This healthy salmon with lentils dinner can be made in less than 30 minutes and is super tasty! It’s loaded with protein and vital nutrients, and leaves you feeling light and energized. Ohh, and the best part? This cheap healthy meal for two costs under $15 to make!
The Health Benefits of Salmon With Lentils:
This cheap healthy fish recipe is absolutely loaded with nutritional benefits! Here, let’s break it down:
|These legumes are packed with B vitamins, magnesium, zinc, and potassium. 1 cup cooked lentils has about 17.9 grams of protein and 90% f your daily value of folate.
|Among many benefits, this cruciferous vegetable is a source of glucosinolates, which are sulfur containing substances that have potential cancer fighting power.
|Salmon is one of the best sources of the long-chain omega-3 fatty acids EPA and DHA, which have been shown to reduce inflammation, lower blood pressure, and decrease risk factors for disease. A 3.5-ounce (100-gram) serving of salmon contains 22–25 grams of protein. Salmon is also an excellent source of B vitamins, which are needed for energy production, controlling inflammation, and protecting brain health.
|Lemons are a good source of vitamin C, calcium, potassium and folate. They promote the production of digestive enzymes in the liver, helping eliminate waste from your body
|Yellow squash has little to no cholesterol, fat, or sodium. Yellow squash boast vitamins A and C, potassium, and fiber. It contains beta-carotene, a carotenoid that acts as an antioxidant which protects the body from free radicals
|Onions are dense in vitamin C, B vitamins and potassium. Onions contain antioxidants that fight inflammation, decrease triglycerides and reduce cholesterol — all of which may lower the risk of heart disease.
Who said healthy eating has to break the bank?! Whether you are looking for budget meals for two, or healthy meals for a family, this recipe has you covered!
Frozen Salmon VS. Fresh Salmon:
First of all, 70% of ‘fresh‘ fish that you see at the grocery store was frozen at some point. Since 85% of the seafood we eat is imported, it needs to be frozen to prevent spoilage on its trip to you. Freezing fish essentially freezes the nutritional value that it had at the time that it is frozen.
Fresh salmon will typically run you 15-20% more money than frozen salmon of the same nutritional value.
How To Thaw Frozen Salmon:
The Overnight Way:
Frozen salmon can be defrosted in the refrigerator overnight. The night before you are going to make the meal, place the frozen salmon in the refrigerator in a bowl or a rimmed dish so the water from the salmon doesn’t spill onto the other food in your fridge.
The Quick Way:
If you are looking to speed up the process, you can take the fish out of your freezer and submerge it in a bowl of cold water on the counter (if it is pre-wrapped. If it is not covered in plastic, place the salmon in a ziplock bag before submerging it in water).
Change the cold water every thirty minutes to prevent the salmon from coming to room temperature. You can also defrost salmon in hot water, but using cold water will preserve the texture of the fish and keep the salmon from entering the danger zone for microbial growth (40 to 140 degrees F).
It is important to cook the fish right after it has thawed to prevent bacteria growth.
Whats The White Stuff?
Have you ever thought that you had the perfect piece of salmon, only to find it excreting a weird white substance after cooking for a few minutes? Well, try not to be too grossed out.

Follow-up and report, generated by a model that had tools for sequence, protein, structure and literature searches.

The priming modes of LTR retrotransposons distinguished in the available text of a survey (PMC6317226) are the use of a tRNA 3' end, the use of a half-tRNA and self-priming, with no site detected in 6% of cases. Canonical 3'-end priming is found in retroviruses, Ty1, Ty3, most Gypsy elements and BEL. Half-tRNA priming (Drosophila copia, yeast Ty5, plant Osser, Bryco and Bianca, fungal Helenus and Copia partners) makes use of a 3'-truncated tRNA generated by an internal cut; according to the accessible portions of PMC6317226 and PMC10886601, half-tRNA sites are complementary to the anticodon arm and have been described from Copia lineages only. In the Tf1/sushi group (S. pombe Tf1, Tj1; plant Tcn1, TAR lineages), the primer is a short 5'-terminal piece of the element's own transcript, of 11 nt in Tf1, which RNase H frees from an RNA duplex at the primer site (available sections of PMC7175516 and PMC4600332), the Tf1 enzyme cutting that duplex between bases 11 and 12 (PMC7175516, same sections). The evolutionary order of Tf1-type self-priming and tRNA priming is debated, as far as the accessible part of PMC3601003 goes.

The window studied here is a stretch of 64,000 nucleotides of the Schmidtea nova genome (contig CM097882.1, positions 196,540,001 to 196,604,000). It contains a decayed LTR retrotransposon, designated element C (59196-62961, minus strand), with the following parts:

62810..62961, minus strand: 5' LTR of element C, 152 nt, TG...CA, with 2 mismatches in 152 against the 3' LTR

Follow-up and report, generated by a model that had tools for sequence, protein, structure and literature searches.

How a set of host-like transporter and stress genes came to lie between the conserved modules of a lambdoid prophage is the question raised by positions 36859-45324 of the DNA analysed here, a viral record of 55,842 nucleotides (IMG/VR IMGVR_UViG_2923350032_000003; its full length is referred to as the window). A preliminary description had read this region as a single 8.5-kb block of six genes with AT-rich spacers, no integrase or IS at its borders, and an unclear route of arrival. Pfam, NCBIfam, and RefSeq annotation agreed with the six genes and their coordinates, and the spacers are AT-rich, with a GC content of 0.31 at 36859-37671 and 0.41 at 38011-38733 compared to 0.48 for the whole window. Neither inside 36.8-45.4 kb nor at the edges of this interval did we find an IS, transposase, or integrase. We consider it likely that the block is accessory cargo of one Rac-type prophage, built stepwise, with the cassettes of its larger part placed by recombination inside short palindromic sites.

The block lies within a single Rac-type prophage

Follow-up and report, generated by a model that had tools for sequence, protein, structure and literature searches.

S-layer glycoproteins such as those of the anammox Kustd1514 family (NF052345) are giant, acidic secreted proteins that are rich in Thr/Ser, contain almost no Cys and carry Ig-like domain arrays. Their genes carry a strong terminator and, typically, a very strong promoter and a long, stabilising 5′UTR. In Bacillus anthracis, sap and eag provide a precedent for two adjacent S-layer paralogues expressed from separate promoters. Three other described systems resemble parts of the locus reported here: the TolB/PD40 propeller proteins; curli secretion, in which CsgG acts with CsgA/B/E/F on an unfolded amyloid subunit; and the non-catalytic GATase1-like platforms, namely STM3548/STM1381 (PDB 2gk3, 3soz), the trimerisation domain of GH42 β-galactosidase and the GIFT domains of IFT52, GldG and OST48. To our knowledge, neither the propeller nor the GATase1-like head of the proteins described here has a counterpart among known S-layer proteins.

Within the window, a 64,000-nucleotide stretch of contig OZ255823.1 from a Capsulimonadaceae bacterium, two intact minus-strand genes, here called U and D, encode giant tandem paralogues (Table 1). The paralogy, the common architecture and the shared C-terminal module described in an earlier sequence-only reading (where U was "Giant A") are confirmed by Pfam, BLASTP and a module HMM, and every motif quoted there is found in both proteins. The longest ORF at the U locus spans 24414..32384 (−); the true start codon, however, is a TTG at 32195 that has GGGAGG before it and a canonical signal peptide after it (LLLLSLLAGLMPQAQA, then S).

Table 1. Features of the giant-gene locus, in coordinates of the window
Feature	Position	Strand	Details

That white substance is a protein called ‘albumin‘. When the salmon is heated up, the protein coagulates and becomes semi-solid. I find that I always have a little bit of albumin when cooking with frozen salmon.
Don’t worry, you can absolutely eat it, and it will not harm you! But if you find it gross, just scrape it off once the salmon is cooked through.
Did you make this frozen salmon recipe? It would mean so much to me if you would rate it below the recipe card and tag me in your creation on Instagram! @RecipeHippie
Frozen Salmon With Lentils
- 8 oz frozen salmon (two 4 ounce pieces) $7.99
- 1 onion, peeled $.76
- 1 yellow squash, stem removed $.89
- 2 tbsp fresh lemon juice (juice of 1/2 of a lemon) $.39
- 2.5 oz arugula (about 2 fist fulls), divided $1.74
- 1 cup brown lentils $1.14
- 2 tbsp olive oil $.44
- 1/4 tsp table salt $.01
- 1/4 tsp dried dill $.05
Total Price For Two: $13.41
- Safely thaw frozen salmon filets. See blog post for safe thawing instructions.
- Fill a large pot half way with water, and bring to a boil. Once boiling, pour in the lentils. Cover the pot, reduce the heat and simmer until the lentils are tender, but not mushy, about 20 minutes. When done, drain.
- While the lentils are cooking: Make the lentil dressing – Take a handful of arugula (about 1.25 oz) and mince it. In a small bowl or ramekin, combine 1 tbsp of olive oil, 2 tbsp lemon juice, 1/4 tsp salt, and minced arugula. Mix well and set aside.
- Chop up one onion and one yellow squash. Heat 1 tbsp of oil in a large skillet, and add the onion and squash. Push the vegetables to the sides of the skillet.
- Sprinkle dried dill evenly over the flesh of the salmon.
- Place the salmon filets skin side down in the middle of the pan. Cook until golden, about 4 minutes, then flip and cook an additional 4-5 minutes. Make sure you are stirring the vegetables on the outside of the pan while the salmon is cooking to prevent burning.
- Place the drained lentils in a large mixing bowl, and mix in the lentil dressing, a handful of arugula and the cooked onion and squash. Spoon onto a plate, and top with a piece of salmon. Enjoy!
This is the All-Clad non-stick frying pan I used in this recipe!